What to do with handouts? Do I give them out before I speak, after … during?
Here’s the traditional handout. Three slides to a page – a place for notes on the right hand side.
The pros – an appropriate place to write notes – right next to the visual they relate to. People remember things they think about and write down. That’s good!
Cons – rustling papers, which can be distracting. People flip ahead. And after your presentation, maybe one percent ever look at them again. So you do all that work, kill a tree or two and it generally ends up in the round file.
More cons than pros.
If it’s just a simple print-out of your presentation screens, they’re usually hard to Read More …
This weekend, I received a copy of another PowerPoint presentation that consists almost entirely of black text on a white background. The bottom line? It’s a no-no.
Think about looking at the text on a light bulb. When it’s on, it’s incredibly difficult to read! It’s almost the same as trying to read a projected screen of black text on white.
You’ve got black letters surrounded by all that intense white light blasting out at you. Because the projector is shooting intense light at the screen, which reflects it back into your eyes.
The black letters themselves are affected by that beam of bright projected, light. They appear to become thinner. That’s because the bright, white light “bleeds” onto them. They aren’t actually thinner. However, Read More …
Here’s a simple tip that will give your graphs much more impact.
Make the titles “active.”
Now … I don’t mean “animated.” I mean active. When I refer to a title as “active,” I mean that the text helps to advance your position, rather than just stating what the subject matter is. Most of the time, it means putting a verb in the title. Let’s look at an example.
Here’s a nice looking graph of Gross Monthly Sales.
OK … so what? What about them? What is that graph trying to tell me?
First of all, let’s get rid of all the clutter. 3D looks pretty, but most of the time gets in the way of the message. Get rid of that, too. Read More …
There’s nothing that makes me crazier than to see really bad grammar in two foot high letters on the screen.
Here’s an example: 5 DVD’s. I see this all the time. But it’s incorrect. The apostrophe means it’s possessive … NOT plural.
If it’s plural … it should look like this: “5 CDs.” 5 DVDs – the same thing. Now, if I said “I put the DVD’s cases in the trunk,” it would be correct with an apostrophe “s” … You see, the cases belong to the DVDs – and so it’s possessive. Although it’s kind of a weird sentence.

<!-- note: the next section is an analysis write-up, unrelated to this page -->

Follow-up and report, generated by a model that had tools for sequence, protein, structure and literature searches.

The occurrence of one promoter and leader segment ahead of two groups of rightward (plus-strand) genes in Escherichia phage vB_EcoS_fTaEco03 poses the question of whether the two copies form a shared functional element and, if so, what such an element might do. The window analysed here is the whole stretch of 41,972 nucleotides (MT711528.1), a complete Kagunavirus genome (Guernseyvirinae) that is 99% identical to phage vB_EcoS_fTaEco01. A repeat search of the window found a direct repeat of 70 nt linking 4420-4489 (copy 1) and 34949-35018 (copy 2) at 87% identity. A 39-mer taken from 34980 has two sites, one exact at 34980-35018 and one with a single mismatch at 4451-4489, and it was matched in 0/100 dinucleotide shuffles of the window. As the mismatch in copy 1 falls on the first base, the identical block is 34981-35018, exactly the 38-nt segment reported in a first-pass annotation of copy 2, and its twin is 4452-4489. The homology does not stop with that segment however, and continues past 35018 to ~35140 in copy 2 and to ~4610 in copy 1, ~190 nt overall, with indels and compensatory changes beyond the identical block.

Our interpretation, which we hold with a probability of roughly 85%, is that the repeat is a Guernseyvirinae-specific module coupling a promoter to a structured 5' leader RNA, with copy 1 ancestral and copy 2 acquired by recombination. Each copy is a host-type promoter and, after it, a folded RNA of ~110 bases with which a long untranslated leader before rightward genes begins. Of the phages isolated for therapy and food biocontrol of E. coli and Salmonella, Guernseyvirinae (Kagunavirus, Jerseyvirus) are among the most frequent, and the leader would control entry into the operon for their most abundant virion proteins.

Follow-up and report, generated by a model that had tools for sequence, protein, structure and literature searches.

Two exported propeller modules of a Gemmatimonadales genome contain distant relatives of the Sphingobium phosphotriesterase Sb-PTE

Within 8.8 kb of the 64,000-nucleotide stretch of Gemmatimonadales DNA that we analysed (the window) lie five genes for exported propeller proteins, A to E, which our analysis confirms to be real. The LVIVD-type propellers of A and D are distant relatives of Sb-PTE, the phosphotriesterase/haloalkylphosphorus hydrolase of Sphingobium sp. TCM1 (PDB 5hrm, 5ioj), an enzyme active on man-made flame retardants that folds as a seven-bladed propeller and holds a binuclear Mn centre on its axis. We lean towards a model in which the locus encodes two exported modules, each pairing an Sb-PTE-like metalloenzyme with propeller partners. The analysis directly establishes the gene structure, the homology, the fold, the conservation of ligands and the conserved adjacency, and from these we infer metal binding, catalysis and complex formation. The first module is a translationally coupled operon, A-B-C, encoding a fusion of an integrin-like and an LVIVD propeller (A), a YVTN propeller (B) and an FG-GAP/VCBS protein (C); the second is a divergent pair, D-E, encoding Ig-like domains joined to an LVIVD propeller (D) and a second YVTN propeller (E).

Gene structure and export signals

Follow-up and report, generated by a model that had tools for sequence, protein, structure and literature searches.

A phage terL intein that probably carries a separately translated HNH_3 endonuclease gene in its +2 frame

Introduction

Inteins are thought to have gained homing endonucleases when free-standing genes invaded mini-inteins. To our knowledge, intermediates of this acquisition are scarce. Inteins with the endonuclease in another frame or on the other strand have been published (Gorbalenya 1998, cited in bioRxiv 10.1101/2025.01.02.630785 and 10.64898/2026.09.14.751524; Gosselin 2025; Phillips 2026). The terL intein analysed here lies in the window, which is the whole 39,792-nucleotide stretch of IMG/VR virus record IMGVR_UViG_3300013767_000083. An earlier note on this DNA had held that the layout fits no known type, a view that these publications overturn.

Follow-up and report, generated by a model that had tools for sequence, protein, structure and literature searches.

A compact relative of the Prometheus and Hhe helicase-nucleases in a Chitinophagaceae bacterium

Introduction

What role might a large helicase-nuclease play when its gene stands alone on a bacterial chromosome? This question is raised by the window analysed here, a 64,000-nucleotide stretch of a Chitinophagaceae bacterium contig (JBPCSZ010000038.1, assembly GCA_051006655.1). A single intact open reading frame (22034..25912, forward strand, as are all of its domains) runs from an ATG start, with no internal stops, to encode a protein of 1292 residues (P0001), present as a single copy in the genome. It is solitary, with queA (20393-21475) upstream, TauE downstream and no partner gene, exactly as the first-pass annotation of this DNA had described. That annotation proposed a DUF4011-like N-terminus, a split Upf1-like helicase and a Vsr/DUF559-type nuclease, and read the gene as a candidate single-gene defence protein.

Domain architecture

So … apostrophes do not generally denote plurals. But there are exceptions … After all, it IS English.
Single letters and numbers require an apostrophe “s” Read More …
Words actually don’t exist … to our brains, at any rate. We don’t see words as a series of letters. We see them as pictures.
I know … that changes things. When we read a word, we actually see it as a whole bunch of little tiny pictures. We look for features like horizontal or vertical lines, rounded corners, etc. and then we think back to our library of letter images and match it up to what we’ve stored from the past.
Over time, we get pretty darn good at this process and it takes us milliseconds to do all the calculations and read a sentence. So reading text is highly taxing on our brains. As a result, text presentations are simply not very effective Read More …
Make your presentation facts interesting and memorable.
Ever have a presenter give you a fact during a presentation and you had no idea what it meant – how it related to you or anything else, for that matter?
If you’re like me, the answer is “all the time.”
There are technical presentations in which presenters ream off fact after fact after fact with no indication as to what’s really important and how it relates to what you already know. At the end of the presentation, you leave the room wondering what on earth it all meant, unable to remember even a single number or point.
The most error I see most often is the presenter who throws out a number without the context. For Read More …
Distractions can destroy your presentation. Here’s an example.
Let’s say you make a point like … “The chicken crossed the road” and put up a visual of a person dressed as a chicken.
You’d probably hear a hush in the room. Pretty dramatic visual! OK, let’s say that you then wanted to tell a five minute story about a particular chicken you know and what happened when she crossed the road.
BUT, for the entire five minutes, you’ve still got the title and visual of the chicken crossing the road, which your audience may find distracting. You see, the audience should have their full attention on you as you tell this fabulous story about the chicken.
In the corporate environment, many times the background is the thing that gets designed long before the presentation has even a defined goal. Artists can spend hours getting just the right look and feel to make sure the company gets promoted in the very best light.
Let me ask you this: Why? In fact, I want you to ask that very question next time you’re developing a presentation. Why spend all that time on the background, corporate identity and logo? That presentation isn’t even about those things.
What can happen is that the background and logo become so imposing that they actually detract from the point you’re trying to make. I’ve seen lots of examples, particularly in sales conventions. The background was so “busy” and took Read More …
With over thirty-five years in advertising, marketing, and television, Peter brings a wealth of knowledge and business experience to any situation. From the top retailers like The Bay, to Canada’s largest energy multinationals, Peter has been at the forefront ...